Influence of pulling handles and device stiffness in single-molecule force spectroscopy.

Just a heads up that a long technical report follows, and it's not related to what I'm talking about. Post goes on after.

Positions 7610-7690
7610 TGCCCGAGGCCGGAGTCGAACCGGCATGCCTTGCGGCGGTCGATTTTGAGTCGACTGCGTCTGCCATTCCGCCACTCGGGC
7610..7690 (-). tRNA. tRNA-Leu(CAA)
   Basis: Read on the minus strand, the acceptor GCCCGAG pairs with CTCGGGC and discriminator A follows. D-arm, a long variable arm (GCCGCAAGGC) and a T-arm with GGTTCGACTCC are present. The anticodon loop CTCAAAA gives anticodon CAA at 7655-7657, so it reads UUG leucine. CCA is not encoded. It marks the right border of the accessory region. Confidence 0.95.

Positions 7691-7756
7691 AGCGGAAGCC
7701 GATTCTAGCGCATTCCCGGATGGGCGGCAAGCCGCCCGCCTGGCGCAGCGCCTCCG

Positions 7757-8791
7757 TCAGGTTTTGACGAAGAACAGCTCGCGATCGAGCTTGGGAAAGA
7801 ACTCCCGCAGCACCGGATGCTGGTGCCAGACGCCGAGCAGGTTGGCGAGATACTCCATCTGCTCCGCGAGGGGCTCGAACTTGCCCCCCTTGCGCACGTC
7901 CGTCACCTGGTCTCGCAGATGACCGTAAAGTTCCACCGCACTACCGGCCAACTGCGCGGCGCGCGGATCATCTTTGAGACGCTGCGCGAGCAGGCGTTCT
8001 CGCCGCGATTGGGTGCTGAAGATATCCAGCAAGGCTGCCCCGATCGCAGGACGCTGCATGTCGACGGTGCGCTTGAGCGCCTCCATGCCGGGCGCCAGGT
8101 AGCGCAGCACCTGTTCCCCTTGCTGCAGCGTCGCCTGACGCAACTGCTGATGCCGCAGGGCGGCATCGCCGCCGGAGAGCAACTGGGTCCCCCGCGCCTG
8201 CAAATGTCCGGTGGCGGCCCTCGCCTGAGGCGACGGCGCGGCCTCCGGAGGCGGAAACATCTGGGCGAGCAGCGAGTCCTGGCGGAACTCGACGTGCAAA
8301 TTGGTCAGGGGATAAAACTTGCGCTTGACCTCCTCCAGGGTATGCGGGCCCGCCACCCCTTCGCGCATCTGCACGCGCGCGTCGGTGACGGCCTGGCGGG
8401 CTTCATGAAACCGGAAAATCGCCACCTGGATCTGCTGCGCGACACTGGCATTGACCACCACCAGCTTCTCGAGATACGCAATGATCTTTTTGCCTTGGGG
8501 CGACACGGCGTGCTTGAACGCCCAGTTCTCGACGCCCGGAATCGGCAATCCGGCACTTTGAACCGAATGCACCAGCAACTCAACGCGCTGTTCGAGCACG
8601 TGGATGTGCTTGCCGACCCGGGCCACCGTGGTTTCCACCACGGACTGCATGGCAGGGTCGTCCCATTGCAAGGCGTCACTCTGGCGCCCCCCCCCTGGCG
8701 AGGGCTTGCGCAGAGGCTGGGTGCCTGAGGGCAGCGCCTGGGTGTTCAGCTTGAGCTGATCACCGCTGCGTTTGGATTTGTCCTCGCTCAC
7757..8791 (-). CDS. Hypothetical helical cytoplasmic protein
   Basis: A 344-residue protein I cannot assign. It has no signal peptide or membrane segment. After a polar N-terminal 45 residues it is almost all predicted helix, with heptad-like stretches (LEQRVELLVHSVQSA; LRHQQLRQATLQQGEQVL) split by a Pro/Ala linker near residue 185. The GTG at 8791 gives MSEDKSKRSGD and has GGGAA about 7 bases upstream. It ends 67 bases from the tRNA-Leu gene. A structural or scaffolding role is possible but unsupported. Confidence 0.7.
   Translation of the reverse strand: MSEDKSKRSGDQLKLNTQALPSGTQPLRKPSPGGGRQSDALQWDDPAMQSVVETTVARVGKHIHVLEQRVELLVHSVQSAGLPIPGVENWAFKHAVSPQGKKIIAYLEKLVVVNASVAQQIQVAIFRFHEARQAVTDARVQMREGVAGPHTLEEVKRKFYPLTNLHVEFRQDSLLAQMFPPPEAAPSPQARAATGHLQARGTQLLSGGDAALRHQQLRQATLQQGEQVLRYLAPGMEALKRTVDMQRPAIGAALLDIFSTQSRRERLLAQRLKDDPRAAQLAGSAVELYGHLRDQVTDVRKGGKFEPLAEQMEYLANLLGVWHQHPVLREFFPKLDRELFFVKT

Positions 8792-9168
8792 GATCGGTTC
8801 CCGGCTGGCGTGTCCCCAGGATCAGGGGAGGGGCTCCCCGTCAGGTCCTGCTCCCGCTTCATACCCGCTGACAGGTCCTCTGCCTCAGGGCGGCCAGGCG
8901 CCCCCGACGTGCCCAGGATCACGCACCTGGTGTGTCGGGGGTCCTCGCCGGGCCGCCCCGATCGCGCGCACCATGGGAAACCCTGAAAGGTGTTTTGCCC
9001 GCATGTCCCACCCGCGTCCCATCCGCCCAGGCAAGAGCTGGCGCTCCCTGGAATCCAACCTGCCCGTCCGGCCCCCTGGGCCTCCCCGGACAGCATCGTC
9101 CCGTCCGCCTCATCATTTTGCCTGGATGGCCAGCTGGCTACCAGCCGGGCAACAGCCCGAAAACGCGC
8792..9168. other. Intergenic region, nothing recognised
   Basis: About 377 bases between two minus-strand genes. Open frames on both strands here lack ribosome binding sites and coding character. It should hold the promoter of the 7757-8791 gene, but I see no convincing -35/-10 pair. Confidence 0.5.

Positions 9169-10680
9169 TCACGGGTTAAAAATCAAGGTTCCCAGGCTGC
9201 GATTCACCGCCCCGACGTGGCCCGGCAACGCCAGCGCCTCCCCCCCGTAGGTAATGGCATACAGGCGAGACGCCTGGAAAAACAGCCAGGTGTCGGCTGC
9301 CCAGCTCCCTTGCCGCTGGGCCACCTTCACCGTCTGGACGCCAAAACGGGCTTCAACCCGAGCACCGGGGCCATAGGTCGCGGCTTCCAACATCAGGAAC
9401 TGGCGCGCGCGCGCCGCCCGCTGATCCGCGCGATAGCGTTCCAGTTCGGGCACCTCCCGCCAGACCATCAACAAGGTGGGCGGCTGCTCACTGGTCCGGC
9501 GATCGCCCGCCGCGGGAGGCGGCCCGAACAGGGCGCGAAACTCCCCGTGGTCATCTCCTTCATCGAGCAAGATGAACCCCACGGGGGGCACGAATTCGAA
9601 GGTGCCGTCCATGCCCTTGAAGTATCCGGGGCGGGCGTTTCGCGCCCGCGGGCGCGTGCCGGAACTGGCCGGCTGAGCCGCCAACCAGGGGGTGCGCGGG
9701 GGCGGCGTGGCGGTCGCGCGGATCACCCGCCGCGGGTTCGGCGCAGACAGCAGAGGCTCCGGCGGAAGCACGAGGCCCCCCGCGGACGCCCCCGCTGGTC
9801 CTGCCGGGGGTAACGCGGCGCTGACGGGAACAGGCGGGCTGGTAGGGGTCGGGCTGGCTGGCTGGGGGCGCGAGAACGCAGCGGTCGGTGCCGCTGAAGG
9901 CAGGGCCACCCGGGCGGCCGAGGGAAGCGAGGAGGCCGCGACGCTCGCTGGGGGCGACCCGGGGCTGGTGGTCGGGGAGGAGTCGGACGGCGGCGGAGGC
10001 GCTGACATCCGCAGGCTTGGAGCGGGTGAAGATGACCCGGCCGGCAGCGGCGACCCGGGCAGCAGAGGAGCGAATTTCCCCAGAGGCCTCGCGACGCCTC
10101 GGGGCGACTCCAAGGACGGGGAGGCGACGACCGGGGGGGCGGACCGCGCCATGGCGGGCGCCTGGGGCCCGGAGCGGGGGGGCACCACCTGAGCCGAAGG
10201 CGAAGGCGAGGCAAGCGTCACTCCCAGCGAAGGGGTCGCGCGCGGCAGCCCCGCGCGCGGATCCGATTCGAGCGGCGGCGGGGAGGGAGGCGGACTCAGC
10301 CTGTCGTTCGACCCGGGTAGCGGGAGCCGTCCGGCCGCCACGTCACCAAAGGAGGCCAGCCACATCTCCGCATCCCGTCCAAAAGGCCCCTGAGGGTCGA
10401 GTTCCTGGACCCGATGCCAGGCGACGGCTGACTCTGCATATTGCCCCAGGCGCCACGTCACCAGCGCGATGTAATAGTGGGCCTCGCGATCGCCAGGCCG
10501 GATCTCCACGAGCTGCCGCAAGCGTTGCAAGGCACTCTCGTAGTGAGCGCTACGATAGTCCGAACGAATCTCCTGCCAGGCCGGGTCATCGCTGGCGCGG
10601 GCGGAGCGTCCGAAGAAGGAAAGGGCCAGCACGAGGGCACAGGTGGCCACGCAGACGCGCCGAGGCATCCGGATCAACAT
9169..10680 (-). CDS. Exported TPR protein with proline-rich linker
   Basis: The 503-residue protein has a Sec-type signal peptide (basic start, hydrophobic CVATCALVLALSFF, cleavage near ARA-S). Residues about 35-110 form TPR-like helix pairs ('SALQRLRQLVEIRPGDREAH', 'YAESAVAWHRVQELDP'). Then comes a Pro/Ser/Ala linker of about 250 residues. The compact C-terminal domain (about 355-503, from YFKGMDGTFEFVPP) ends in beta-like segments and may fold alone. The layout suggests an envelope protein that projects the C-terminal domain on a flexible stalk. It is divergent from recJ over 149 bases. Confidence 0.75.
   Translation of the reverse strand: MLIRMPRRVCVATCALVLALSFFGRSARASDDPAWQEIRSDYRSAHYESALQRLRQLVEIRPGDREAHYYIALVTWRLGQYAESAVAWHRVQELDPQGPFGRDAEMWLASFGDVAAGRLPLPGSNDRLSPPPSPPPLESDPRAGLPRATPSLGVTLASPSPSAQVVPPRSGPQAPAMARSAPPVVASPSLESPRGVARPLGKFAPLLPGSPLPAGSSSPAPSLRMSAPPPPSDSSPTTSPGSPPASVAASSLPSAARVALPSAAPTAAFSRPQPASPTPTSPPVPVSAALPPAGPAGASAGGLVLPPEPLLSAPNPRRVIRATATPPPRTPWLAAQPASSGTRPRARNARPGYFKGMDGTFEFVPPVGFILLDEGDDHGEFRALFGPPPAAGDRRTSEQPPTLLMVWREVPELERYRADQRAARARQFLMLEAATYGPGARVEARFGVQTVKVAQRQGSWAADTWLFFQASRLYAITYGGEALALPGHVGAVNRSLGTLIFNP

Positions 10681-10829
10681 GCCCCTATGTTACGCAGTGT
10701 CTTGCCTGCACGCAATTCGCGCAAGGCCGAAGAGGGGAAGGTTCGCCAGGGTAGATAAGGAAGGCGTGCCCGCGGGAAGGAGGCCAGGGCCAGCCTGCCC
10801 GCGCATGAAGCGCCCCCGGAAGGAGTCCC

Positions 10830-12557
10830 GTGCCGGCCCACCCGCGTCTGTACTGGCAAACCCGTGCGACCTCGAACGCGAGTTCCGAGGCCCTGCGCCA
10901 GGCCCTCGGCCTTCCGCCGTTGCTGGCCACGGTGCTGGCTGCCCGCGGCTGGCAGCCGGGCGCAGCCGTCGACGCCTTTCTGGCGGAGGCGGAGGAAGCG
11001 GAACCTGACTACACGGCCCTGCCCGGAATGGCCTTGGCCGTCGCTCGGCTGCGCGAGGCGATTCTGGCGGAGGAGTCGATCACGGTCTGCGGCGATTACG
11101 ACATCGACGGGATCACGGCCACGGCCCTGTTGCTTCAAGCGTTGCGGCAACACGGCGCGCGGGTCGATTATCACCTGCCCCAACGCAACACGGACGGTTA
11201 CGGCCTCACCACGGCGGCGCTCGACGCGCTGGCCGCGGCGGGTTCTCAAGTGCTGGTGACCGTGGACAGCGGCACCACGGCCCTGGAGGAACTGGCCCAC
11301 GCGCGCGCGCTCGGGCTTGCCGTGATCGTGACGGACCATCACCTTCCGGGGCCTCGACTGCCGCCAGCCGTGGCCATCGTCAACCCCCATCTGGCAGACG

In single-molecule force spectroscopy, individual molecules and complexes are often stretched by pulling devices via intervening molecular handles. Accurate interpretation of measurements from such experiments in terms of the underlying energy landscape, defined by activation barriers and intrinsic rates of transition, relies on our understanding, and proper theoretical treatment, of the effects of the pulling device and handle. Here, we present a framework based on Kramers' theory that elucidates the dependence of measured rupture forces and rates on the pulling device stiffness and attributes of the handle, contour length and persistence length. We also introduce a simple analytic model that improves prediction of activation barriers and intrinsic rates for all device stiffnesses and handle properties, thus allowing for a more reliable interpretation of experiments. Our analyses also suggests intuitive ways of displaying the measured force spectra for proper prognosis of device and handle effects and provides the range of device and handle attributes over which these effects can be neglected.
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